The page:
Friday, July 30, 2010

The League of Extraordinary Critics










Canadian criticism is in crisis mode right now and, as always, provocateur Zach Wells is at the epi-centre of it all. Andre Alexis wrote a polemical essay entitled The Long Decline for The Walrus Magazine about all the things he sees plaguing Canadian criticism at the moment: personal attacks and collegiate vitriol standing in for “book reviews”, the incompetence of reviewers who rely on subjective opinion rather than critical thought, and he lays the lion share of the blame at critic John Metcalf’s feet for inspiring a self-aggrandizing rhetorical style in younger critics who do not possess the same depth of knowledge as him.

There is a whole lot to chew on in this essay, and I am not sure I agree with everything, but it does articulate many things my colleagues and I have been thinking about for some time.

What is perhaps not surprising is that Zach Wells, having felt stung as he always does in such circumstances, wrote a satirical rejection letter as if Andre Alexis had first submitted the essay to CNQ magazine. He posted this response on the CNQ blog where it has spawned a “casserole of ridiculousness” as Jake Mooney has rightly pronounced on his blog Vox Populism.

It is not so much that Andre Alexis is entirely right but that the Sons of Metcalf, having gathered, are now linking arms and shouting in unison “You’re entirely wrong Mr. Alexis”. You know, like a whole tribe of critics who do not want to listen to anyone but themselves. I had already written in a previous post about the inherent dangers of aesthetic tribalism attaching itself to critical culture in Canada and here we are six months later with this wonderful public squabble with the participants proving Alexis's point and my own.

People can make their own judgments but this needs to be witnessed to be believed.

Thursday, July 8, 2010

Envoy at the Crossroads

Three years ago I was asked to give a speech and a one-day workshop for the Edmonton branch of the Canadian Authors Association which I felt obliged to do as a teacher and because I took a number of creative writing workshops in university that helped me along my path to becoming a poet. I don’t advertise myself as a workshop instructor because my life is such that I do no have a lot of time to conduct them, but when I am called upon I feel a duty to lead them.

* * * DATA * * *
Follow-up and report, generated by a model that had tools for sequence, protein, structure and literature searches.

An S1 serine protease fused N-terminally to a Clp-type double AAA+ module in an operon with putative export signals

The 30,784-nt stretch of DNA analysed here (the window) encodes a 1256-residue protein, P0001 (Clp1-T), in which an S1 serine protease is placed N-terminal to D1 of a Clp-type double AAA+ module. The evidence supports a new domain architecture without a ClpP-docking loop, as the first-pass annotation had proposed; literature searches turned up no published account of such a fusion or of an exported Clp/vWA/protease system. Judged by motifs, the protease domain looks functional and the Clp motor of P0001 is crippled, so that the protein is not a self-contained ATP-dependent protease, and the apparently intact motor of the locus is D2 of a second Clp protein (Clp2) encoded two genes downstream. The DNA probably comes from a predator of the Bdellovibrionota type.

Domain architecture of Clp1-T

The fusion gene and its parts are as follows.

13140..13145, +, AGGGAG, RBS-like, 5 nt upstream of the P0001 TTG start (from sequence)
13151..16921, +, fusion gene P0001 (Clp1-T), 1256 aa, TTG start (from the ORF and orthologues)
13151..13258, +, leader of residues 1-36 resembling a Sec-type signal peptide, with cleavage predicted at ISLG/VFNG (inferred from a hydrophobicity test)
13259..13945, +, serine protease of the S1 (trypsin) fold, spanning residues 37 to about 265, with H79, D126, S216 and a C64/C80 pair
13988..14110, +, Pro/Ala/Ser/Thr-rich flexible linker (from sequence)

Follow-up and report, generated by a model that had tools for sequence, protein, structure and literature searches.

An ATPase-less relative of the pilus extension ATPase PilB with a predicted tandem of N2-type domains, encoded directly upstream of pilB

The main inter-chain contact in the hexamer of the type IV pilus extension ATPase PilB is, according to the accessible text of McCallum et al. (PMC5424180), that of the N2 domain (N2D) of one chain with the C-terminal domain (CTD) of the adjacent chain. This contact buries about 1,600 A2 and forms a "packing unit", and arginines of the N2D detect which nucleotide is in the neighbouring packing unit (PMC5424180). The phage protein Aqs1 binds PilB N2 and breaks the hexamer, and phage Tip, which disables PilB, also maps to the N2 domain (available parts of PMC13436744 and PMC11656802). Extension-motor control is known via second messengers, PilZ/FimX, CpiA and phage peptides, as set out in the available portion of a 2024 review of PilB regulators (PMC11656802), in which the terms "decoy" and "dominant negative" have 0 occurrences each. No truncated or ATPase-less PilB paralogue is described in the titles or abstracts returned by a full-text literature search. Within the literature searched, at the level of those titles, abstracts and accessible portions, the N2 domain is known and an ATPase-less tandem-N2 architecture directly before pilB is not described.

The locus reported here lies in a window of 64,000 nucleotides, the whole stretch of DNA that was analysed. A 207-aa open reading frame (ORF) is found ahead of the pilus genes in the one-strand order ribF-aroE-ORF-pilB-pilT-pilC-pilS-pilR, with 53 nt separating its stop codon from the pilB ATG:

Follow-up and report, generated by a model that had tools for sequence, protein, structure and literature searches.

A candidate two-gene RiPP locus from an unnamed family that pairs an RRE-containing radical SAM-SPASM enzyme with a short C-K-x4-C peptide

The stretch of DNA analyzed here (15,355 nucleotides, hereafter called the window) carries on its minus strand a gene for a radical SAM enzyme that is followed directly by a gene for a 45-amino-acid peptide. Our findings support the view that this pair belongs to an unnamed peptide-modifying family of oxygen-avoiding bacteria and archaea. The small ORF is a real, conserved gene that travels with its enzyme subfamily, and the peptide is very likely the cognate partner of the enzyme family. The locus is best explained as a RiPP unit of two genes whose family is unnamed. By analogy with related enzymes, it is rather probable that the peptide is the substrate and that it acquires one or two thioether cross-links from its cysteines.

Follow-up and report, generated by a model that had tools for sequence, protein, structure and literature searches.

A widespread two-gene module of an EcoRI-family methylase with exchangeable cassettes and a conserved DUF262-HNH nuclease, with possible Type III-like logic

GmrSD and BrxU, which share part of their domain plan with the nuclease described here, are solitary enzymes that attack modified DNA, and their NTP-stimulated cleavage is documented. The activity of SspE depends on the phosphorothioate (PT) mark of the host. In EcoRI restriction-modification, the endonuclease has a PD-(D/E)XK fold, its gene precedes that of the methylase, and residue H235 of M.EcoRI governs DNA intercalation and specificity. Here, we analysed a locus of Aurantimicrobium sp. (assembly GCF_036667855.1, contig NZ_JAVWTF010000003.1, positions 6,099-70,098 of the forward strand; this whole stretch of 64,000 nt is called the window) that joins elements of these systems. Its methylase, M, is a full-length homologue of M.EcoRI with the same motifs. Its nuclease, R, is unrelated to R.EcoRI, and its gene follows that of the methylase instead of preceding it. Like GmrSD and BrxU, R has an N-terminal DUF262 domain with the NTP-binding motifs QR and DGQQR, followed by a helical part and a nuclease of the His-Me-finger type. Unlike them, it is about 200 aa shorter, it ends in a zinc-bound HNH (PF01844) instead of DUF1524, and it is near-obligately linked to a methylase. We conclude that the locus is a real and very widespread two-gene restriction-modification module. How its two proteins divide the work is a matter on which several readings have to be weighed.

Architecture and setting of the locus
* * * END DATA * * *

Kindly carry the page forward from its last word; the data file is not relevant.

I think such workshops do not necessarily help people to write better, but they do teach people how to read poetry and they can provide resources and knowledge which may inspire people to undertake the long apprenticeship to becoming a serious poet.

I suppose what I find most striking about meeting people who have taken my workshops or else showed up at one of my readings because they read one of my books is how some of them look upon me with that eager lighted look which suggests they think I might have some special knowledge to confer upon them, or perhaps it is more they think they can use me as a key to unlock something within themselves. I don’t know. All I know is that after 24 years of trying to write poetry, I find myself at a crossroads asking what have I learned about the writing of poetry? The truth is I am not sure.

Certainly, I have learned something of craft, the economy of language, the musicality of words, etc. I have absorbed a great deal of poetry and poetic influences from many countries. I know what I like and what I do not, and I can articulate reasons for these preferences.